A new Jewish-Christian Glossary has been created to help ministers and rabbis learn more about their own and each other's religion by discovering key similarities and differences between the faiths.
Leading Rabbi David Mason of Muswell Hill Synagogue in London was invited to address the General Assembly of the Church of Scotland as Kirk commissioners were asked to approve the glossary. He said it created a path of great hope for future relations between the Church of Scotland and the Jewish community.
The glossary was produced by ministers and rabbis working together to define some of the key terms used in both religions.
Rabbi Mason, who was brought up in Edinburgh and recalled having two "holy places" in his childhood - his synagogue in Newington and Dundee United's home ground of Tannadice, said it had been a great honour to get to know leaders of the Kirk as the two traditions engaged in fruitful and respectful dialogue.
Work on the glossary began following a visit by Chief Rabbi Ephraim Mirvis to the General Assembly in 2014 after he had warned that a Church and Society Council report which was critical of Israel had caused concern within the Jewish community and was putting a strain on inter-faith relations.
Rabbi Mason said :
"Chief Rabbi Mirvis's response was not to run away from this deep challenge - but to engage in dialogue and conversation. And so for the last few years that dialogue has developed and grown.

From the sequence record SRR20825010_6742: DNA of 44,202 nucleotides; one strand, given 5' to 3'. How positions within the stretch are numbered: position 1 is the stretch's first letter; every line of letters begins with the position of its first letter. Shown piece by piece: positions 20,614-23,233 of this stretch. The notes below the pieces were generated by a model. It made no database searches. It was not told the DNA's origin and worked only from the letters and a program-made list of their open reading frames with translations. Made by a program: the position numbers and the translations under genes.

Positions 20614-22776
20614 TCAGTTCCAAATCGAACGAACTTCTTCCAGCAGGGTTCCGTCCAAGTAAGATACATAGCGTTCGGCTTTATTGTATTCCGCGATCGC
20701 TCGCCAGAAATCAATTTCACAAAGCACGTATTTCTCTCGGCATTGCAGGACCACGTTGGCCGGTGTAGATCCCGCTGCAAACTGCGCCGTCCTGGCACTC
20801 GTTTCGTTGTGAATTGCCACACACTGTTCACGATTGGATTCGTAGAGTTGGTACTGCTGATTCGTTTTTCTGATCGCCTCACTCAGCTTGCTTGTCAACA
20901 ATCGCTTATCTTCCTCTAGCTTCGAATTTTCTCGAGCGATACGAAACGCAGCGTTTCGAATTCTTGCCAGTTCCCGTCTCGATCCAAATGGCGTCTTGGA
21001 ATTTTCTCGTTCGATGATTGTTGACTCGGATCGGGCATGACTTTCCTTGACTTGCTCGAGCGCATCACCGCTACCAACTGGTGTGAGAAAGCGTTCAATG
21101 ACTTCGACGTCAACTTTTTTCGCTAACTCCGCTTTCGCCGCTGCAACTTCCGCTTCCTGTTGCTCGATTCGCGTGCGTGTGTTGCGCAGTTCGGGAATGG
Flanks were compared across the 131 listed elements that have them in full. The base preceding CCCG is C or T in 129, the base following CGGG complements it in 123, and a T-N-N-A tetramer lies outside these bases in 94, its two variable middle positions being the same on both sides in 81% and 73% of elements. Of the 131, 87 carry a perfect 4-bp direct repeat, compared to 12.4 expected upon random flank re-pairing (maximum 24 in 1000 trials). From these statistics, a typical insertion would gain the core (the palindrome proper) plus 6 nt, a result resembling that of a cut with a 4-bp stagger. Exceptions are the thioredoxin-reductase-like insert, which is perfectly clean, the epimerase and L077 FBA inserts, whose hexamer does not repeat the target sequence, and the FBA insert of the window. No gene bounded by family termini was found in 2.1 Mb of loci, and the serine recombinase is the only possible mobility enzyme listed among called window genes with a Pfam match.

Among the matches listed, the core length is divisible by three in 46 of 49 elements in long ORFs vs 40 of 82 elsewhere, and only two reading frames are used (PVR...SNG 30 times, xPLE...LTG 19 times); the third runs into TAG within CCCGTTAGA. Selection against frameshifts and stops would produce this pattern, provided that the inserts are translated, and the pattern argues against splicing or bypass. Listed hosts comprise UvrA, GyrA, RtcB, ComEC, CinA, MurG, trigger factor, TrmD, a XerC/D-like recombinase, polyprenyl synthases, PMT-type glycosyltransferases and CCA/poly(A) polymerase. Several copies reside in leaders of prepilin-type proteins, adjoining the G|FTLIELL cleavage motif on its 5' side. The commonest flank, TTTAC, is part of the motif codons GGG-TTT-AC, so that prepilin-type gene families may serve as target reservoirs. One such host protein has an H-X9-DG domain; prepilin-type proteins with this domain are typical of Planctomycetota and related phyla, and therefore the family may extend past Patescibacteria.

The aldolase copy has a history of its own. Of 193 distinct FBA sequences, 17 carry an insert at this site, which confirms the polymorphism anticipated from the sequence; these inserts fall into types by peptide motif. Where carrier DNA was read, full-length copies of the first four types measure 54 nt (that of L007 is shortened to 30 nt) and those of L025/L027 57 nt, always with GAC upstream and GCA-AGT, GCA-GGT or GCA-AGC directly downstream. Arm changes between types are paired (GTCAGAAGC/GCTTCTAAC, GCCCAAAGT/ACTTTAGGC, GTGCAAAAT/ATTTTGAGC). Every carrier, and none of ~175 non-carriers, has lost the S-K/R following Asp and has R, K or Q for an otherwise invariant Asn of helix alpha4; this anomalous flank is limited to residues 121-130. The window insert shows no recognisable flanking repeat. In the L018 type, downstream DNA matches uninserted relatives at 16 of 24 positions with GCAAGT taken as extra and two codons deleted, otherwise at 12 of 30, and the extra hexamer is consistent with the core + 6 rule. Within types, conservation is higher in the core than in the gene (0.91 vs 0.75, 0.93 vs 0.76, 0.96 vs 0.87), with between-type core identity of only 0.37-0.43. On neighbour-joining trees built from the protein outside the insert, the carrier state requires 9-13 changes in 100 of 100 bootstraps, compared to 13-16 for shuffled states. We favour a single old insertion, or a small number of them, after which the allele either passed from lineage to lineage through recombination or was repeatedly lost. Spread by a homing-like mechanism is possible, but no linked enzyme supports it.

"I would like to put on record my thanks to all those within the Church leadership who never ceased to see the vital importance in this dialogue. I have gained friends in the Church of Scotland through this dialogue - and have only grown in my affection for the Church."
Joking that both Jews and Scots could be described as "an argumentative lot", Rabbi Mason acknowledged that the dialogue between the two communities had sometimes been a challenge, but added: "In the development of a glossary of terms, I think we have, together created a path of great hope for the future relationship between the Church and the Jewish community.
"This glossary has done two things. Firstly it has deepened mutual understanding surrounding the very terms that can cause discord.
"Secondly, it has offered up vocabulary, wording, and understanding for both our communities that can ensure that in expressing passionate opinions, we do not offend each other.
"Harmony does not here mean that we will agree. It means that we will disagree well. We will take different approaches based on our contexts and subjective experiences - while being scrupulous in ensuring that the other is not offended."
Rabbi Mason, who recalled close links between his childhood synagogue and the Church of Scotland, including the then Moderator speaking at the installation of a Holocaust memorial in Edinburgh, concluded by looking to the example of his great-grandfather who, as a rabbi in pre-Nazi Germany, would go walking in the Black Forest each Sunday afternoon with local parish ministers :
"These bonds of friendship were so important to my great grandfather. And they inspired me in the work I do".